For this communication strategy to prove successful, concerned individuals would need to seek out information and share what they learned with friends and neighbors. These steps would lead to the eventual dissemination of information throughout the population at risk, and to widespread individual decisions to monitor and to take remedial action, where appropriate. If they wished to confirm their initial test results, these individuals could obtain a second measurement from the state at no charge.

Note: 4 This was part of a research program to guide DEP radon communication efforts. Other parts included a general survey of the population at risk and a comparison of the effectiveness of different ways of explaining radon risk levels. If we found evidence that even those who had monitored and found a problem still failed to understand the nature of the radon risk or were responding inappropriately, the results would suggest strongly.

The individuals who had requested confirmatory monitoring of their radon levels from the DEP as of June were invited to participate in the survey. Because the identities of residents in the monitoring program were confidential, we could not recruit them directly. Instead, a letter describing the project was mailed by DEP to all program participants, along with a postcard they could return to us indicating their willingness to take part.

This method of recruitment, although necessary for ethical reasons, resulted in a relatively low response rate; Had we been able to contact potential participants directly or to send them reminders, the return rate probably would have been higher.

These differences suggest that, compared to the average New Jersey homeowner, survey respondents were probably more aware of radon and more concerned about its risks, more interested in seeking additional information about radon and their own risk levels, and more trusting of the ability of government and academe to provide appropriate help while maintaining confidentiality.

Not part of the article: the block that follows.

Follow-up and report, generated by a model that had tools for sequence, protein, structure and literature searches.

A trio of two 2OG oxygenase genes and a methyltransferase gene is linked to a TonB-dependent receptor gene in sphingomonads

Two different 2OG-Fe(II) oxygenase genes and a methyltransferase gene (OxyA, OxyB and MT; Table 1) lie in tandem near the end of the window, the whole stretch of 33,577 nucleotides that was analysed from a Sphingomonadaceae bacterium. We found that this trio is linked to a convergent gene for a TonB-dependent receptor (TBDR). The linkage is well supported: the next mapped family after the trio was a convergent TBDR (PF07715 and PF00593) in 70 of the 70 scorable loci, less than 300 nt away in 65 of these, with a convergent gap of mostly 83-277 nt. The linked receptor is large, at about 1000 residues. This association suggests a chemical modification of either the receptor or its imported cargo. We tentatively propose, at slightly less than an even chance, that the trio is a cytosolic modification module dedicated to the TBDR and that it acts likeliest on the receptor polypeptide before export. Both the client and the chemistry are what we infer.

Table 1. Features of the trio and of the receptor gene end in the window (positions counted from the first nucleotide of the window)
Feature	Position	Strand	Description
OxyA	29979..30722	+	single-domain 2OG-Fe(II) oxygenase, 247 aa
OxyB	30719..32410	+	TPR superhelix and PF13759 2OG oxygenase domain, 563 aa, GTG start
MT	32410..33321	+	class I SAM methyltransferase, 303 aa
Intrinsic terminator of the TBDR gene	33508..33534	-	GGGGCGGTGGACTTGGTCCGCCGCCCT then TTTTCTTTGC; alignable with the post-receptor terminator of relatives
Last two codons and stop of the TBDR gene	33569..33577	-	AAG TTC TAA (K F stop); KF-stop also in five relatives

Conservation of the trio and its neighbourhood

Although the participants in the confirmatory monitoring program were not a representative sample of the population at risk, they were an important group to study for two reasons. First, because members of this sample were more knowledgeable about radon than the remaining population and because they had demonstrated their willingness to deal with the radon issue by getting initial and follow-up measurements, they can he viewed as a best-case indicator of the effectiveness of communications available at that time.

If members of this group were misinformed or had difficulty responding in a manner appropriate for their radon levels, the adequacy of the available information for the rest of the public would be doubtful. Questionnaires were mailed to the eligible volunteers, and returned completed forms. We also conducted lengthy face-to-face interviews in the homes of 16 survey participants between October and December Although the number of these interviews is small, they proved enlightening, and will be discussed where appropriate.

A major goal of radon communication efforts is for individuals to understand the risk they face, so that those with low levels will relax and those with high levels will remediate. Consequently, an indicator of the effectiveness of radon communication is the degree of association between the objective risk — indicated by home radon levels — and mitigation actions.